How we tried 11 different programs and therapies before we found a reading program that worked and that didn’t make my son hate his life.
My parents started the original literature-rich homeschooling company about thirty years ago. Students learn history and English and science and language arts using incredible books as the foundation. It’s amazing. I used it as a girl, and I loved it.
So when I had my five boys, I looked forward to a marvelous time homeschooling them, all of us sharing great books together.
And the homeschooling part has been awesome. As long as I’m reading aloud, life is good.
And the learning-to-read part worked perfectly with my older two sons. One learned to read at five with minimal help, and the other learned to read at five overnight with just about no help at all.
I knew I didn’t have much to do with the process, but how enjoyable! Reading is easy!
Then I started to teach my third son to read. And that was not so easy.
But it didn’t stress me out too much. We were homeschooling, which meant I had no parent-teacher meetings, no stress from testing or school districts, no tears from being put in the “slow” class.
It was fine for my son to be slower to read. I figured all children are on their own journeys. And my third son continued to make progress. It was just slower progress.
He eventually fell about three years behind grade level. Again, though, I figured that was within the range of normal. My brother didn’t learn to read well until middle school, and my brother graduated valedictorian of his high school class. Maybe reading difficulties run in families. (Side note: I know now that they totally do!)
Even so, with all my mental justifications and minimizations of stress, the first time I saw my third son pick up a book on his own to read — at age twelve — I almost cried.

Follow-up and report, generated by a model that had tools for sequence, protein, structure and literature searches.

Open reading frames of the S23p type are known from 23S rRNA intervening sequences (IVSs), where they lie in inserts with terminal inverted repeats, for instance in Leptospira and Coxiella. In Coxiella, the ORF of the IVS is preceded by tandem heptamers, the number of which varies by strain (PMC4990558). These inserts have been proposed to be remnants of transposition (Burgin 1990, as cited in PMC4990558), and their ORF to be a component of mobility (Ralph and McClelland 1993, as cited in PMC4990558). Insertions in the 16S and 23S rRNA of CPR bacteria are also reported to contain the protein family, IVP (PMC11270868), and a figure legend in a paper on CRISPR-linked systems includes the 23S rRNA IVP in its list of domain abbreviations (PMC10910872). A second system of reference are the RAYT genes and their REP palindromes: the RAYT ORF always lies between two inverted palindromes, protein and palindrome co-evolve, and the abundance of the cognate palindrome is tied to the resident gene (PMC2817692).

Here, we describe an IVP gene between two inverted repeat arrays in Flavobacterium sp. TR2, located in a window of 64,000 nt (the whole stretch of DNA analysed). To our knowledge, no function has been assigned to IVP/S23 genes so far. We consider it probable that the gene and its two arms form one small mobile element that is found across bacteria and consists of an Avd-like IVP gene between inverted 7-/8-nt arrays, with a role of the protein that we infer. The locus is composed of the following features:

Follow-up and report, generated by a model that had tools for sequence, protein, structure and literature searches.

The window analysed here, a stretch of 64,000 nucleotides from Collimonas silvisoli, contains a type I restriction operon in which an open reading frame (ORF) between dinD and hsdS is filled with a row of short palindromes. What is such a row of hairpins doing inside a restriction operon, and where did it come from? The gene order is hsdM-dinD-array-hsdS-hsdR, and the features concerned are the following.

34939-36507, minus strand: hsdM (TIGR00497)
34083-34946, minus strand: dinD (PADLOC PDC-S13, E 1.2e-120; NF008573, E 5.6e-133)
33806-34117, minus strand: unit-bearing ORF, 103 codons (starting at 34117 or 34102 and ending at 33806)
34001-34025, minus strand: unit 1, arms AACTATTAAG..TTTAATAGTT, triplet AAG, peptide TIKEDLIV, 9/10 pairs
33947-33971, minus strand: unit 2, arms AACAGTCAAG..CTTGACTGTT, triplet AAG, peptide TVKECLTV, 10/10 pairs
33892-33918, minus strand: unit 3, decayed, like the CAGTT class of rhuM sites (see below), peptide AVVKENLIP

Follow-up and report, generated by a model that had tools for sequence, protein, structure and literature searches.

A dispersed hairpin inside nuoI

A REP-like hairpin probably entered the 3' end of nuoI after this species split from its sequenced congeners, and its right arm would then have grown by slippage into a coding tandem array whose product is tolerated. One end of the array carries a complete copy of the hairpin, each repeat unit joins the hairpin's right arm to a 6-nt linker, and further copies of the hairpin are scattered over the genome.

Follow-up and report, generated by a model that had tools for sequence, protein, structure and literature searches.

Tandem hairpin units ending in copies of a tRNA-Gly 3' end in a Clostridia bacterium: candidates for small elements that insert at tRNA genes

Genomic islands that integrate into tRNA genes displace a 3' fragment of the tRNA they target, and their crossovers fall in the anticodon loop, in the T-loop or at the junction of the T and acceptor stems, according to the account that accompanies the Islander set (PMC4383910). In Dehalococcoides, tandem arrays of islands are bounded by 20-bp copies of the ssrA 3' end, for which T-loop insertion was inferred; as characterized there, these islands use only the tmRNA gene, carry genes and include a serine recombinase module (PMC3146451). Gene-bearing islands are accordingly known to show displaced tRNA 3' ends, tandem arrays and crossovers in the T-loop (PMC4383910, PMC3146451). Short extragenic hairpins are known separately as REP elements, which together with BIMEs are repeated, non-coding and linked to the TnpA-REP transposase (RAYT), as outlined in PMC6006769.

A Bigger Challenge
But my fourth son — he was an entirely different challenge. I’m a pretty relaxed parent, and I had read all the books that promote later school starts. So I wasn’t too worried when my son didn’t learn his alphabet sounds the first week . . . the first month . . . the first year.
Not too worried.
Of course, these were only the 26 basic letter sounds. We’re not talking about ph, th, ch, or sh. Not talking about long vowel sounds.
It took three years of daily effort for him to (mostly) master the 26 basic sounds. By that point, he was almost 8 years old. And I wasn’t quite desperate yet . . . but something needed to change.
We needed to find something that worked.
What Was Happening
And I didn’t need him to read so much for me. I have enough children, I knew that his difficulties in reading were not a huge reflection of my teaching ability. He had access to the same methods, the same diet, the same gene pool as my other sons.
And I have a supportive and understanding family. My in-laws weren’t calling to berate me. My husband wasn’t yelling at me, wondering why I couldn’t just do my job.
As a homeschooler, my son wasn’t getting picked on in school.
But as the weeks and months passed, I started to be mindful wherever we went. Make sure the club leader knew not to ask him to read aloud. Make sure the judo sensei knew that memorizing names of throws was tremendously difficult (if not impossible) for him.
I could, for the most part, manage his environment, for the moment, so that he was not insecure and unhappy.
But even with his protected environment, I could see the signs of strain. A casual or teasing comment, even when not intended to hurt, could be unbearably painful. And this was just the beginning.
I needed my son to read for himself.
But how could I help someone who struggled so much with something that most children find so simple?